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Salt and salted food intake and subsequent risk of gastric cancer among middle-aged Japanese men and women

Preference for salty foods, including salted fish roe, may raise the incidence of stomach cancer among middle-aged men and women.

This study focused on the association between likeness for salty foods and the prevalence of gastric (stomach) cancer among middle-aged men and women. Researchers analyzed dietary information from over 39,000 Japanese men and women aged 40-59 years who agreed to participate in this study. During the course of the study, 486 cases of gastric cancer occurred in total.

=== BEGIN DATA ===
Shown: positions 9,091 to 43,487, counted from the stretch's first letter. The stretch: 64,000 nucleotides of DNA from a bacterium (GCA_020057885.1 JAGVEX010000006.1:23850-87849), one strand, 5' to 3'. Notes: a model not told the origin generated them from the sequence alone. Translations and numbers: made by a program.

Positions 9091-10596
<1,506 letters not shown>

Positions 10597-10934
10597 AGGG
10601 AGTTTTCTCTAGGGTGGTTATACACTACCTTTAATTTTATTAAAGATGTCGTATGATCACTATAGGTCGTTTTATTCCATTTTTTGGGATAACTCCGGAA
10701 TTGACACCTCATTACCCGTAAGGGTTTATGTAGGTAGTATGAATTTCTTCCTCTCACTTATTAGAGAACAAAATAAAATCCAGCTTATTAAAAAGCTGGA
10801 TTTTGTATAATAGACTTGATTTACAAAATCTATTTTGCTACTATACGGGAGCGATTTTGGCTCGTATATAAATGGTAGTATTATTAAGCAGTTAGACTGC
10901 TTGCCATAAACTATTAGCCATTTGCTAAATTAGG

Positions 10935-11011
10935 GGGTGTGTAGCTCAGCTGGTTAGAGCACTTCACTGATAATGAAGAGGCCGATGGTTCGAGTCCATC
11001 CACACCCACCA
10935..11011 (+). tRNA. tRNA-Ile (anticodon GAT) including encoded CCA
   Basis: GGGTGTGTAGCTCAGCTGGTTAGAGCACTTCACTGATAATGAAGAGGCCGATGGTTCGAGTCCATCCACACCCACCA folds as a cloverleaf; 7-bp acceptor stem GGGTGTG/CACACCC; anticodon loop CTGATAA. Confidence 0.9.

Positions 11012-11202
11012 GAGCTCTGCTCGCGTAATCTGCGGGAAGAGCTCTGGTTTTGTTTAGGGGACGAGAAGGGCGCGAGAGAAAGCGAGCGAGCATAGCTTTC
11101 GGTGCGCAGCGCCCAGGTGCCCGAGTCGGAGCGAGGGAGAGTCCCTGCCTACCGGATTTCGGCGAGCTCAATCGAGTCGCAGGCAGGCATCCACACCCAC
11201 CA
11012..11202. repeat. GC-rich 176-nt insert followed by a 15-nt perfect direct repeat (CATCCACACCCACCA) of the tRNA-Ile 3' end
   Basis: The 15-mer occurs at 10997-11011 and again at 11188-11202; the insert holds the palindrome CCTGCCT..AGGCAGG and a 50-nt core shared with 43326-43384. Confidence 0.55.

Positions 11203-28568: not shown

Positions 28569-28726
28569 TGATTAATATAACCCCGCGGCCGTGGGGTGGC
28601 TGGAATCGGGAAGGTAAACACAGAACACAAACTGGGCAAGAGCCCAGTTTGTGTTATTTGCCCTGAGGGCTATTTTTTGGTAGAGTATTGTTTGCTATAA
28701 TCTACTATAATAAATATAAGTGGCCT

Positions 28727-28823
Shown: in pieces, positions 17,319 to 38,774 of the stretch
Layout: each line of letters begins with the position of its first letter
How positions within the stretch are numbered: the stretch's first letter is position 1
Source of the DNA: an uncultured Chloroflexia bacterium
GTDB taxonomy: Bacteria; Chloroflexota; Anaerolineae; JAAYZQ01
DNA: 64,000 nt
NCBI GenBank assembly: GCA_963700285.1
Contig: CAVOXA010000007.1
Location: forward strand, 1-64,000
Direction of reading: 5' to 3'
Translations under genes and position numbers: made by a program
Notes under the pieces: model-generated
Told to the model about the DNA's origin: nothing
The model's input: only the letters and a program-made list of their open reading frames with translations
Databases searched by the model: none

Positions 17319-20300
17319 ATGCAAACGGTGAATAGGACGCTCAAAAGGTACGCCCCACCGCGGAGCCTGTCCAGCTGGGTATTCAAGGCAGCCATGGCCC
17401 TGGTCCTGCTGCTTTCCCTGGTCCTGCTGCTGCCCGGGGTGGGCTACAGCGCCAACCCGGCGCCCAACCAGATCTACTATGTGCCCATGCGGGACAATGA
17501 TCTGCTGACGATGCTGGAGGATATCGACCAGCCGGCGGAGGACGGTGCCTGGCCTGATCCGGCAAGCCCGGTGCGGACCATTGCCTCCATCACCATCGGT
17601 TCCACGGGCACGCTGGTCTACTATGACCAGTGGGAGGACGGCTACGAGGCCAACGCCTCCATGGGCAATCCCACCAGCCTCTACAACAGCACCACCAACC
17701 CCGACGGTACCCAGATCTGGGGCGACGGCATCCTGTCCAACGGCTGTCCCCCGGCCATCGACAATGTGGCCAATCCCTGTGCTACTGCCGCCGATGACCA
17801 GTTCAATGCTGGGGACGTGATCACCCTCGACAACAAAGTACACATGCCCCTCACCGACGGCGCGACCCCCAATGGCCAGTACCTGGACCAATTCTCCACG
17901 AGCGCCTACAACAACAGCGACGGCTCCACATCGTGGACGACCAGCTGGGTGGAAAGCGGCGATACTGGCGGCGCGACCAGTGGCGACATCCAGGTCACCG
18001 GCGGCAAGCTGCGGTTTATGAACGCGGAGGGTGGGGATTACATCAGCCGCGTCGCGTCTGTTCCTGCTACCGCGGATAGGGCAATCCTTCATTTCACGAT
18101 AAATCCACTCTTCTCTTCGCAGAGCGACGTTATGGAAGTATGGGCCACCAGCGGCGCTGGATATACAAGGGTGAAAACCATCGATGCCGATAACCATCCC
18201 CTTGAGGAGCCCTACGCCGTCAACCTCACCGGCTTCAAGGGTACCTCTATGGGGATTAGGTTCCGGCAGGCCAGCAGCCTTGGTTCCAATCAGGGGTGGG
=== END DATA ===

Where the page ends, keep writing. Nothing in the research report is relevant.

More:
Researchers observed that lovers of highly salted foods, such as salted fish roe and fish preserved with salt, exhibited a trend towards increased risk of stomach cancer. The findings of this study add to the growing body of research suggesting that there is strong a link between salty food consumption and high probability of stomach cancer among middle-aged men and women.

Research Summary Information

Gastric cancer and salt preference: a population-b...
Salt, salted food intake, and risk of gastric canc...

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